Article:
Hackers are finding ways to get around stringent app store controls by exploiting existing non-malicious apps that are vulnerable.
That's the verdict of AVG chief technology officer Yuval Ben-Itzhak, who says it can be done via a different app, by inspecting data on transit or even via the web, while users browse on their mobile browser.
In a blog post Ben-Itzhak says there are three main ways an app can be vulnerable to hackers: data transmission, data storage and third party components.
On the data transmission side, Ben-Itzhak says almost all mobile apps transmit and receive data between the device and remote servers – allowing apps to update, send stats, check licenses and monitor analytics, for example.
But if there is no encryption for data leaving a device, hackers can ‘look inside' it and get passwords, credit card numbers or other personal details.
“This is most common on public Wi-Fi hotspots like those found in airports, malls or coffee shops,” he says.
Certificate validation can also be an issue, he says.
“When apps send data to a remote server, it's important that it is the correct one and not one owned by a hacker. The use of digital certificates on the server can help the app validate the server's identity. Without these digital certificates, data can be at risk.
On the data storage side, he says most mobile apps store data locally, often in the form of log files.
Again, a lack of encryption of private data can be dangerous, he says.
“A separate app installed on the device can potentially have a permission to access such files, ‘look inside' and retrieve personal data.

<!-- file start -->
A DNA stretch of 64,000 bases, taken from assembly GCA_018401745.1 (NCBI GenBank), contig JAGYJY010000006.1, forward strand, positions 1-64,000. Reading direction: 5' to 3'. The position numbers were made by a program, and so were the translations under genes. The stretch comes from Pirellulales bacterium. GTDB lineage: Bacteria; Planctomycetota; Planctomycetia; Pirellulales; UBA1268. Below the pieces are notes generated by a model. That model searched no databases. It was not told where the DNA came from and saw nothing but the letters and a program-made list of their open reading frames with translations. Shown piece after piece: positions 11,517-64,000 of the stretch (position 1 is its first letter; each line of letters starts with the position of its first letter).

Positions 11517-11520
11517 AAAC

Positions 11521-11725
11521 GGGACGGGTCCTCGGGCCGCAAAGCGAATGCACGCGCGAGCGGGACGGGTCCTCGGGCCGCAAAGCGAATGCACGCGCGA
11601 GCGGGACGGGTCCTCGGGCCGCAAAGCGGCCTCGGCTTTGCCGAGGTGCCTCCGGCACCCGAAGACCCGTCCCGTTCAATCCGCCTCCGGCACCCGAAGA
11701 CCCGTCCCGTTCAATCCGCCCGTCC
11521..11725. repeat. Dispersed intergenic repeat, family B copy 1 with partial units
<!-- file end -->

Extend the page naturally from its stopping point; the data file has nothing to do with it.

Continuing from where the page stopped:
Files left after uninstall can also later be accessed by other apps to retrieve data.
Developers reusing components (SDKs) from third parties in the creation of apps can also be an issue, with Ben-Itzhak saying the toolkits are not always secure.
He cites several examples including Android WebView, used by ‘most' Android developers to download and render web content. “This component was identified to be vulnerable to remote attacks - CVE-2012-6636.
Ben-Itzhak is urging developers to secure their apps by learning about secure coding and vulnerable SDKs to avoid common mistakes.
Security testing should be embedded in general quality assurance procedures, automated tools should be used to statically and dynamically scan and test for vulnerabilities and unneeded functionality should be removed from code. Apps that are no longer supported should have distribution stopped, he says.
And he says Apple's App Store and Google Play also have a role to play.
“The developers are not entirely responsible for eradicating vulnerable apps,” he says.
He says improvements can be made to help prevent the distribution of vulnerable apps, including improved communication between app stores and developers when issues arrive.